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Almost by definition, family sedans, like minivans, are dull to drive. Automakers will slap the term “Sport” on the back of a mid-size four-door or add an X to the name in an effort to inject a little excitement. But you can’t really escape the buzz-killing implications of the word family.

Or can you? One company that has tried to rev up the world of sedans with a different approach is Nissan. For three decades now, this Japanese brand has chosen to offer two separate sedans instead of one to cover the mid-size segment.

The Altima is Nissan’s high volume mainstream family hauler, but positioned slightly above Altima is the similar-sized Maxima, a four-door with a different, more focused mission.

For 2016, an all-new, eighth generation Maxima hits the market and Nissan has doubled its efforts to connect to consumers looking for a little more excitement from a sedan.

The marketing pitch from Nissan continues to urge buyers to think of Maxima as a “four-door sports car.” Frankly, that’s a stretch. While the 300-hp V-6 Nissan does accelerate hard — it takes under six seconds to reach 60 mph and exhibits good handling traits for a front-wheel drive car — its sheer size undermines the notion of a sports car personality.

In terms of straight-line performance, the Maxima will stay with more upscale rivals such as the Acura TLX and BMW 328i, but the thrill factor is weakened by use of a dreaded CVT transmission. Granted, the Nissan CVT doesn’t rev madly and noisily while you wait for the car’s speed to catch up (as do most CVTs), but it still lacks the slick-shifting character of a conventional automatic transmission.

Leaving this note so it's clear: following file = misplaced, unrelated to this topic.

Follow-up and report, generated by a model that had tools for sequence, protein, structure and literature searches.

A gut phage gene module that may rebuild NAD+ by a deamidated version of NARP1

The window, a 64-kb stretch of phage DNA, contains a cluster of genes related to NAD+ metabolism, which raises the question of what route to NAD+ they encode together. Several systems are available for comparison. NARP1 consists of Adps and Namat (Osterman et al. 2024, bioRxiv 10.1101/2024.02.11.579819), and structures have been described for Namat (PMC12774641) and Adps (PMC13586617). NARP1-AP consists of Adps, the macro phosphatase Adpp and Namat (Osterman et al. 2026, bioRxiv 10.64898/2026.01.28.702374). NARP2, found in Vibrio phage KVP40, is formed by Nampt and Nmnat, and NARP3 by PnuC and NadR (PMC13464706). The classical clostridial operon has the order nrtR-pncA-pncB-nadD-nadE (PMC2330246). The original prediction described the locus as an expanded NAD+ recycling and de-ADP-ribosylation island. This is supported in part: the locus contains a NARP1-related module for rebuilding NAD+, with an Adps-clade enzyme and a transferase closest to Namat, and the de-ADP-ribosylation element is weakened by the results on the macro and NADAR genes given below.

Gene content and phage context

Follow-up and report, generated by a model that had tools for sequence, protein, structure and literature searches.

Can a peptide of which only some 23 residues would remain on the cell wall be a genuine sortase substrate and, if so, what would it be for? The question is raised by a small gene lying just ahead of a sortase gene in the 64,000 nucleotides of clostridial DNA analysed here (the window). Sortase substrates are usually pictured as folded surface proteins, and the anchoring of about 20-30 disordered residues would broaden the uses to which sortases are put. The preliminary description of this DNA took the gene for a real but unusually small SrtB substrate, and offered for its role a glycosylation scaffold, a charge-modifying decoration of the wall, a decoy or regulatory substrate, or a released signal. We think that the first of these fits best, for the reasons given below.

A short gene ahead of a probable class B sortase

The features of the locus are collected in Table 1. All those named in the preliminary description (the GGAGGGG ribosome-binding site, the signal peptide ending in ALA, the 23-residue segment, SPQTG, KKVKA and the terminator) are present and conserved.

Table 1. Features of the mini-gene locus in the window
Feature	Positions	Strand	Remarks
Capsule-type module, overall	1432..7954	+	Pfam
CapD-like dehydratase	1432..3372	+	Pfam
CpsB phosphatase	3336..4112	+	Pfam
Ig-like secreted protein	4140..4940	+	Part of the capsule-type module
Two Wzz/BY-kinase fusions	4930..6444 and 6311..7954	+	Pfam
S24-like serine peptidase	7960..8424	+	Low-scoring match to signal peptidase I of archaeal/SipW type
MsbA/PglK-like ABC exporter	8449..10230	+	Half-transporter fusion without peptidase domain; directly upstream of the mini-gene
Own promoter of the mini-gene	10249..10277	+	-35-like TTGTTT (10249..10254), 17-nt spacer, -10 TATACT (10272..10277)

Calling the Maxima a sports car may be misleading, but that’s not to say this Nissan is not sporty, and it is convincingly more entertaining to drive than more sedate rivals, notably the Chevrolet Impala and Toyota Avalon. Nissan engineers have also made the Maxima sound sporty thanks to a so-called active sound enhancement system which can amplify the engine note if the driver wishes.

In terms of safety and luxury features, the new Maxima lacks for nothing. It comfortably outpoints the Altima and adds bells and whistles lacking in considerably more expensive models that fall into the luxury segment. One clever safety feature is a forward-looking collision warning radar system that can determine the speeds of not just one, but the next two vehicles in front. Deciding on the appropriate suite of features to offer in the five different Maxima models took careful thought, but Nissan product planner Vishnu Jayamohan says the company has the “right features at the right price,” and the car competes well with other well-equipped rivals such as the Hyundai Sonata.

Nor does the Maxima make any bones about its sporting pretensions when it comes to design. With its aggressive grille and unusual “floating roof ” styling, you will not mistake this Nissan for any other rival on the road. It’s a similar story inside where the Maxima accentuates its sporting character with extra supportive seats, a flat-bottomed steering wheel and a driver oriented cabin layout.

These days the family sedan market is being sliced into finer and finer slices as automakers try to eke out competitive advantages. For consumers the variety may seem a little overwhelming but careful research can unearth some attractive options. And for those seeking a sporty edge the new Maxima makes a strong case for itself.

John McCormick is a columnist for Autos Consumer and can be reached at jmccor@aol.com

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